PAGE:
The open ended nature of the rolls is not the only way to exceed a hundred, which is good as many tasks require a result higher than could be achieved with a percentile roll. Skills and talents as well as equipment and its quality can all add to a roll. But even these are just a part of the modifiers that can be applied to a roll. In fact, so many modifiers can end up applying to a roll, especially an attack roll that they end up looking like algebra problems.

And speaking of algebra, it actually plays a role in the game. The following appears in the text of Harp SF – d = √(2Rh + h2) where d is…something…I dunno…math-y. But apparently, this is the actual method for determining how far it is from any point and the horizon on any planet. And this is not the only time when an actual physics equation is included in the book. The formula for calculating acceleration due to gravity is also provided, for example.

Despite this focus on actual science in this sci fi game, the potential for magic is mentioned throughout. Because this system is based on the basic Harp system, and the Harp system focuses on fantasy, it is repeatedly pointed out and the rules take into account that magic could occur in one of these science fiction settings, though it does not exist in the setting provided, Tintamar.

They do flirt with magic, though. The system gets as close to magic as it can without saying it with the psionics rules that are included. Actually, they go to fairly extensive lengths to point out the quantum mechanical explanation that could explain psionics, so that there can be no mistake that they aren’t magic and are science. This keeps the game in relatively hard science fiction territory despite the lack of hard science backing up the concept. And to make sure there’s no mistake about there being any hand waving “magic” these rules are just as complex as any other in the system. There are many modifiers and variables that go into each psionics attempt and each usage requires points from a character’s pool. But even determining how many points each power needs requires math as each power has several variables with their own points costs.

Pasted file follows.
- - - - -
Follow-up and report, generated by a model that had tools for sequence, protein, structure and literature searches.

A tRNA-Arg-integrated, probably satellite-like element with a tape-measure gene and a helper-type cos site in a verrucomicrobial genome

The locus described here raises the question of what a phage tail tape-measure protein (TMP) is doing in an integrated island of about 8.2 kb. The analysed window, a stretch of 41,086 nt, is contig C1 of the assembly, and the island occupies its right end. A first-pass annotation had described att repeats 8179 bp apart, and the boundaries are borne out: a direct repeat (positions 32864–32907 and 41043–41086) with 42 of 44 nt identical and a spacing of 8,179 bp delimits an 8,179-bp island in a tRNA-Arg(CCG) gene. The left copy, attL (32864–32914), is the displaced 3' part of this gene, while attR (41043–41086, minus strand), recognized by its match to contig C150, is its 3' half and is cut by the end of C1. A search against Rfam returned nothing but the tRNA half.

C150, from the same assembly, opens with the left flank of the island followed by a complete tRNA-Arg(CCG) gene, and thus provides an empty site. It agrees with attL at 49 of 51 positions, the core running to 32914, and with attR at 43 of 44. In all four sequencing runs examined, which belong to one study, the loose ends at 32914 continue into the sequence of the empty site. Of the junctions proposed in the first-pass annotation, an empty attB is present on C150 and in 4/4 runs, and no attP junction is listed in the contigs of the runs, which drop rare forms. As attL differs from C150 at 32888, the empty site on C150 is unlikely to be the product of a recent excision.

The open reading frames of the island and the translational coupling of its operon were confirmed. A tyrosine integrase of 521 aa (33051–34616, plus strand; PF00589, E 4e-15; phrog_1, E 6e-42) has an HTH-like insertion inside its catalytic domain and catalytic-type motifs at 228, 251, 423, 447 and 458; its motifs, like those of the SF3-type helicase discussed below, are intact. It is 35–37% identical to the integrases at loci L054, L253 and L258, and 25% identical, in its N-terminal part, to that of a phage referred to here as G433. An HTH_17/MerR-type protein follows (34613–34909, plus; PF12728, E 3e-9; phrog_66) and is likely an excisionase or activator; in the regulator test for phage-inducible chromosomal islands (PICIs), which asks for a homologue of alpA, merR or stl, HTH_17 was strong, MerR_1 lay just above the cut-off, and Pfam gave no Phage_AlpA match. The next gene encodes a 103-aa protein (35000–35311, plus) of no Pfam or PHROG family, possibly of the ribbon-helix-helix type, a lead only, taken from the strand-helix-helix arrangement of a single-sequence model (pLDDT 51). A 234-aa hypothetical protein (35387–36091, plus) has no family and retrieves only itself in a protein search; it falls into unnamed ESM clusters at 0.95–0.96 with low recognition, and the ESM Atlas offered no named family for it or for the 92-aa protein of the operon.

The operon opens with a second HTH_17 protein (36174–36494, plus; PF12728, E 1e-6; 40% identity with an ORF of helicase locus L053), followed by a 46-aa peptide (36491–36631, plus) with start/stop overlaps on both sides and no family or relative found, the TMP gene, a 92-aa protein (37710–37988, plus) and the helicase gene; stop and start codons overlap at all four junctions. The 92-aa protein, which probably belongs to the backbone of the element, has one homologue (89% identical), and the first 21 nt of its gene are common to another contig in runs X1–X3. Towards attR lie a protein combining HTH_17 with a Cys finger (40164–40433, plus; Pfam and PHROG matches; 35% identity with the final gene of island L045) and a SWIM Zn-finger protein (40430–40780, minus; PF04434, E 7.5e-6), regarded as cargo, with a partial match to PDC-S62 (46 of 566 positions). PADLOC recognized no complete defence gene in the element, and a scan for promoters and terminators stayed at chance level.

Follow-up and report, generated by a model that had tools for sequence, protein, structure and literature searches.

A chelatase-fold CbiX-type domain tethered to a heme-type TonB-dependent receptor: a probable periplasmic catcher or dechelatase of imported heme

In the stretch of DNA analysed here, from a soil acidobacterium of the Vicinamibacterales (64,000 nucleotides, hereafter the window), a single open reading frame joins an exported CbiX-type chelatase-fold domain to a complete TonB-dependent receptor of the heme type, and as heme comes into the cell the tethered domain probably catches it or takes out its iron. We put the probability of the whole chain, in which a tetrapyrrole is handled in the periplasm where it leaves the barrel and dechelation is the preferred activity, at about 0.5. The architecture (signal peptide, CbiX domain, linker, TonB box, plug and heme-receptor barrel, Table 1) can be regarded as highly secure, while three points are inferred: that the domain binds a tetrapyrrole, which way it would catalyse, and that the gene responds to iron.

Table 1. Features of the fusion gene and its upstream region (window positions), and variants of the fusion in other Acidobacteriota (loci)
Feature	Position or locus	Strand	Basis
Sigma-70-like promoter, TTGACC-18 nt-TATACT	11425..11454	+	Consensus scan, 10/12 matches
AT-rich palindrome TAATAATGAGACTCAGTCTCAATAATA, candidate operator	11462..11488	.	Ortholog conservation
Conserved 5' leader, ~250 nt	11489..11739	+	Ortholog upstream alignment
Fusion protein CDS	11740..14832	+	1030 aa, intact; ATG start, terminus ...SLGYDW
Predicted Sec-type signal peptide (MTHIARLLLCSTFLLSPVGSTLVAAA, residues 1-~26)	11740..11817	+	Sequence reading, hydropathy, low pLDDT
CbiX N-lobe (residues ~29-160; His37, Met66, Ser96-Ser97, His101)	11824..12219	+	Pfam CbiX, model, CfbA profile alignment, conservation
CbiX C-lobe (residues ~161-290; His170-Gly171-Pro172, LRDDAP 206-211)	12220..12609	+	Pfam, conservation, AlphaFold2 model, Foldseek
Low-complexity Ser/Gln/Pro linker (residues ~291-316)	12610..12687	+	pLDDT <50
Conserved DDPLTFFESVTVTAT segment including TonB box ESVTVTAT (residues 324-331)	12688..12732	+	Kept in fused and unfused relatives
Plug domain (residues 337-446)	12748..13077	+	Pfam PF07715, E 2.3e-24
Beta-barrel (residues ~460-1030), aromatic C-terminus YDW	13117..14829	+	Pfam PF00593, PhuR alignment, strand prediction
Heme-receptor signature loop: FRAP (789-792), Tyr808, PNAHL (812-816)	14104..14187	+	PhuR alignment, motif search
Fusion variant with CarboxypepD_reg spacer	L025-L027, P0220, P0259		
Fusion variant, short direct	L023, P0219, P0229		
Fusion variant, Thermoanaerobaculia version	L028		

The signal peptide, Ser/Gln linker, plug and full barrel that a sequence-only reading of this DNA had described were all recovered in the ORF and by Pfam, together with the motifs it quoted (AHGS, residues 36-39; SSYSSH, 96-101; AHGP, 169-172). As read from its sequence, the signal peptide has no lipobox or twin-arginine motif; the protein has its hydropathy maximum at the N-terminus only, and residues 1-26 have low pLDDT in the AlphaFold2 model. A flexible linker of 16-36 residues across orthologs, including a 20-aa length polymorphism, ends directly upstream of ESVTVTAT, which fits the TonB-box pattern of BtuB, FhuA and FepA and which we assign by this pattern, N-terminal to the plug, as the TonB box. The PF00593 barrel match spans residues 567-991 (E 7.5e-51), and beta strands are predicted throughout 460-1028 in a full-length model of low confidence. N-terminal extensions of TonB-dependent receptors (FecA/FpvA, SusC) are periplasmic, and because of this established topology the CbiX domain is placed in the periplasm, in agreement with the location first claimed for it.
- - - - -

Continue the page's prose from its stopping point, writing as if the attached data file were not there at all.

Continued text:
Though the system is realistic about just how terrible it is to get shot or otherwise injured in combat, it is hard to imagine an RPG that doesn’t include at least the potential for characters fighting and getting hurt. Damage in Harp SF includes criticals and these are an important part of combat, not something that happens on rare occasions as in other games but a regular part of a fight. And, true to the design of the game, these criticals are listed out in tables and there are a LOT of them. In fact there are 30 different critical tables that take into account pretty much any kind of damage a living being could take. I would be hard pressed to come up with a method of injuring someone not taken into account with one of these tables.

The players aren’t the only ones with math to do, though and the SysOp has some, to do as well. But, there is some subjectivity to what the SysOp gets to do. After all, experience points are integral to this type of game and there is a formula for this as well. It is not a straightforward formula and includes factors such as how dangerous the challenges the characters faced were, how far they advanced the plot by overcoming those challenged and how well they overcame those challenges.

There are a lot of things to like about Harp SF and I suspect that for the sort of people who like this genre, it might be perfect. After all, this game is meant to appeal to people who like hard sci fi and if you’re going to go in for hard sci fi, you want it to be as accurate as possible and don’t mind doing the math for it. This system does that perfectly.

Harp SF is full of lots of tables and formulas but it is exceptionally coherent. If you’re not opposed to keeping track of lots of modifiers for almost every roll and doing a fair amount of math then it is an excellent way to reproduce a hard sci fi setting.